The Oldsmobile Aurora was a luxury automobile made by the Oldsmobile division of General Motors and launched in 1995 to replace the discontinued Toronado 2-door...More »
The Oldsmobile Aurora was a luxury automobile made by the Oldsmobile division of General Motors and launched in 1995 to replace the discontinued Toronado 2-door personal luxury coupe. It was a luxurious 4-door sedan riding on the same Cadillac-derived G platform as the 2-door Buick Riviera. Since the demise of the Ninety Eight in 1996, the Aurora became the flagship Oldsmobile. Also, in a way it is the successor of the Ninety-Eight or the Eighty-Eight (at least for 2000). A V6-powered version was introduced in 2001 to supplant the Eighty-Eight and the LSS. It was introduced to bring new life to Oldsmobile, but the first few years of Aurora did not even feature the Oldsmobile name. There was even a rumor at the time that the name of the whole Oldsmobile marque would be changed to simply "Aurora."
Oldsmobile's original intention for the second generation was to move the Aurora further upmarket, retaining its V8-only drivetrain and sharing a platform with the new Buick Riviera, as the original Aurora had done. This would have created more room within the Oldsmobile lineup for a four-door Eighty-Eight successor known as the Antares. However, Buick dropped its Riviera development plans and fiscal trouble found Oldsmobile, so Oldsmobile was forced to re-engineer the Antares into an acceptable Aurora in short time. The Aurora was downsized as the successor for the H-body Eighty-Eight on the short-wheelbase G-body (on which the Buick LeSabre and Pontiac Bonneville joined, as they used to be on the H-body). The 2001 Aurora is the product of that re-engineering.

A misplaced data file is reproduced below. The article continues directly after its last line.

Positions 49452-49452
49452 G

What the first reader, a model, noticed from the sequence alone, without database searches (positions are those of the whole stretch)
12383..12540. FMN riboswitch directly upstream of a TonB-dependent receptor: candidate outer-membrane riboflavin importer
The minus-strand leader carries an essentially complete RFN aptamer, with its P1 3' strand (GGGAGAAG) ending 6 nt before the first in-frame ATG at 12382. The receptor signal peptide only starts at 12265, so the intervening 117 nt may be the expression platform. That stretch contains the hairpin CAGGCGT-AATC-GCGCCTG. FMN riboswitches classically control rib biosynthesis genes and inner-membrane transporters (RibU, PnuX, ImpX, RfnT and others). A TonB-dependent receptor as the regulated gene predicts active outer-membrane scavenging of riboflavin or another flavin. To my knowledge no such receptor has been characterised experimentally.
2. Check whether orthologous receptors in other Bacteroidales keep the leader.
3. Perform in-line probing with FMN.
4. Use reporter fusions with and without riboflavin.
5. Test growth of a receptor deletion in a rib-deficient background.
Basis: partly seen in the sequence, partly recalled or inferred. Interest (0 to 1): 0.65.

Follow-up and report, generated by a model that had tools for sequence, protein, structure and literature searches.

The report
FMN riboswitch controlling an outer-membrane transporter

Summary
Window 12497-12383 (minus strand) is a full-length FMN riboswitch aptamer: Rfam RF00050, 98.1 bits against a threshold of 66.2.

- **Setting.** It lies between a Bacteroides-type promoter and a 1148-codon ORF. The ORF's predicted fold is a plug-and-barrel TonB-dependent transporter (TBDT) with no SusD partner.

The second-generation Aurora used a new, less-expensive version of the G platform with a shorter wheelbase. Unlike the original Aurora, this platform was shared with other GM divisions, with Buick offering the Park Avenue and LeSabre, and Pontiac offering the Bonneville.
Oldsmobile also offered a V6 engine in the Aurora for the first time. The V6 in question was the LX-5, a cut-down relation of the DOHC Aurora V8, dubbed the "Shortstar." The V6-powered Aurora was produced for the 2001 and 2002 model years only, with production ceasing in mid-2002.
The second generation Aurora went into production on November 10, 1999. The last Aurora 3.5s rolled off the assembly line on June 21, 2002. The Final 500 Aurora 4.0s ended production on March 28, 2003. The Orion, Michigan plant built a total of 71,722 second-generation Auroras (53,640 in 2001, 10,865 in 2002, 7,217 in 2003).
2001-2002 LX5 3.5 L (214 in³) V6, 215 hp @ 5600 rpm, 230 ft·lbf torque @ 4400 rpm.
2001-2003 L47 4.0 L (244 in³) V8, 250 hp @ 5600 rpm, 260 ft·lbf torque @ 4400 rpm.
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